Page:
However, a recent American Express survey has reconfirmed that people are willing to pay more than the lowest available price for a given product or service – as long as the customer service is good. The results of this survey place Indian and Singaporean consumers at the top of the list of those who value good service, but that’s not to say that people in other countries aren’t prepared to shell out for good care. Quite the opposite.

One poor customer service experience, and they're off

I can hear what you’re thinking: that people will say they want good service, but when it comes to the crunch, it’s the hip-pocket nerve that drives their decisions.

It’s true that survey results in general are notoriously unreliable, but consider this: customers do switch brands. That’s an established fact. And one of the main reasons they give for switching is that they are unhappy with customer service. So even if you do suck them in with low prices, you’re going to lose them again if your service isn’t up to scratch. With 89% of people saying that they’d switch to a vendor’s competitor after a poor customer service experience, you’re taking a pretty big risk if you focus simply on price. And in the original AmEx survey, 38% of consumers say that they would immediately consider switching to another company after just a single poor experience.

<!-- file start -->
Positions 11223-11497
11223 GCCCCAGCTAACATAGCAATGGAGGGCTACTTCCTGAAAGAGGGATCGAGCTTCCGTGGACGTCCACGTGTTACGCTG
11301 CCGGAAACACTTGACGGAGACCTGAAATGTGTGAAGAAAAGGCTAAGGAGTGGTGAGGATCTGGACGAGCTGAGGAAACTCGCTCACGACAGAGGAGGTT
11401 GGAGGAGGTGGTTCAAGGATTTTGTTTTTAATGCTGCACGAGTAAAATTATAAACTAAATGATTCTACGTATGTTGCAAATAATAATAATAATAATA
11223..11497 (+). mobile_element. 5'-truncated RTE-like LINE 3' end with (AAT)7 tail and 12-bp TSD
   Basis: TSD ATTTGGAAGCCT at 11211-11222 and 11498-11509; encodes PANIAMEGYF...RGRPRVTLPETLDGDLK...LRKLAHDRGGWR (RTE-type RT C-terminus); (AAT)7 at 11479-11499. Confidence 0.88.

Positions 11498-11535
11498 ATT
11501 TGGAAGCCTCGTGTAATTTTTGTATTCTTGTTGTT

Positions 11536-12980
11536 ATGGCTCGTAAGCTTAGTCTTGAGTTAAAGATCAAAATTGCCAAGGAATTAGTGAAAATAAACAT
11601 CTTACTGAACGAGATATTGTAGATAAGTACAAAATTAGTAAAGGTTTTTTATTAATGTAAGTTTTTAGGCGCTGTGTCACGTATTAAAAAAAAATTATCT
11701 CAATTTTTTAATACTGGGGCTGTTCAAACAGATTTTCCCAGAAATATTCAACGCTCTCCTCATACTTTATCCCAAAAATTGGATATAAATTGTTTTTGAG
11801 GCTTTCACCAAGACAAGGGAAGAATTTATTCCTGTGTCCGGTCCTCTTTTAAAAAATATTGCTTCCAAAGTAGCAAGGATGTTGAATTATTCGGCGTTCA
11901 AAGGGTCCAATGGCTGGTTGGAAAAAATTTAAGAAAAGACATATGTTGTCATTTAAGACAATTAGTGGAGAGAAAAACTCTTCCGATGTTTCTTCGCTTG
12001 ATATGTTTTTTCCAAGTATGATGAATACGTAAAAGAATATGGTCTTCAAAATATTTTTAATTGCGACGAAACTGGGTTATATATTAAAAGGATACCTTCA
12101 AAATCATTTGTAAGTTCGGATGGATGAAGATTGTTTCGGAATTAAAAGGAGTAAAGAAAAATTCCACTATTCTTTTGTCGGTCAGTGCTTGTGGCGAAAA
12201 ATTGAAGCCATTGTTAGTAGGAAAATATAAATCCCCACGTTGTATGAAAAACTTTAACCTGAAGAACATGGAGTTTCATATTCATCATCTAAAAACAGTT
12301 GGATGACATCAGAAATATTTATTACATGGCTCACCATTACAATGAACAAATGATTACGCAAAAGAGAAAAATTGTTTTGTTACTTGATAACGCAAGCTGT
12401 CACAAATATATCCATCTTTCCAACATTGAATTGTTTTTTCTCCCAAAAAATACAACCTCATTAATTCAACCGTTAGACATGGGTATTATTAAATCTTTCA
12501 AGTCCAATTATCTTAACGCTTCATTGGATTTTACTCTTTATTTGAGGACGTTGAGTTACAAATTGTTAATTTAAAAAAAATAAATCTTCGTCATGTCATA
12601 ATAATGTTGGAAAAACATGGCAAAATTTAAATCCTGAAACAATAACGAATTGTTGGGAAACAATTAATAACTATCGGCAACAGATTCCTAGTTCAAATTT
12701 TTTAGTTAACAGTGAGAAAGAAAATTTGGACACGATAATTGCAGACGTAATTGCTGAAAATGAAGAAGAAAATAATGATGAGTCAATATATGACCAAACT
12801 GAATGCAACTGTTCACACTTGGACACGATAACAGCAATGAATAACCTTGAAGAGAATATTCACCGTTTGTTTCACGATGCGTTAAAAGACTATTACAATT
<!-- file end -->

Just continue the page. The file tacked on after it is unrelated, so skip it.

Show customers that you understand their needs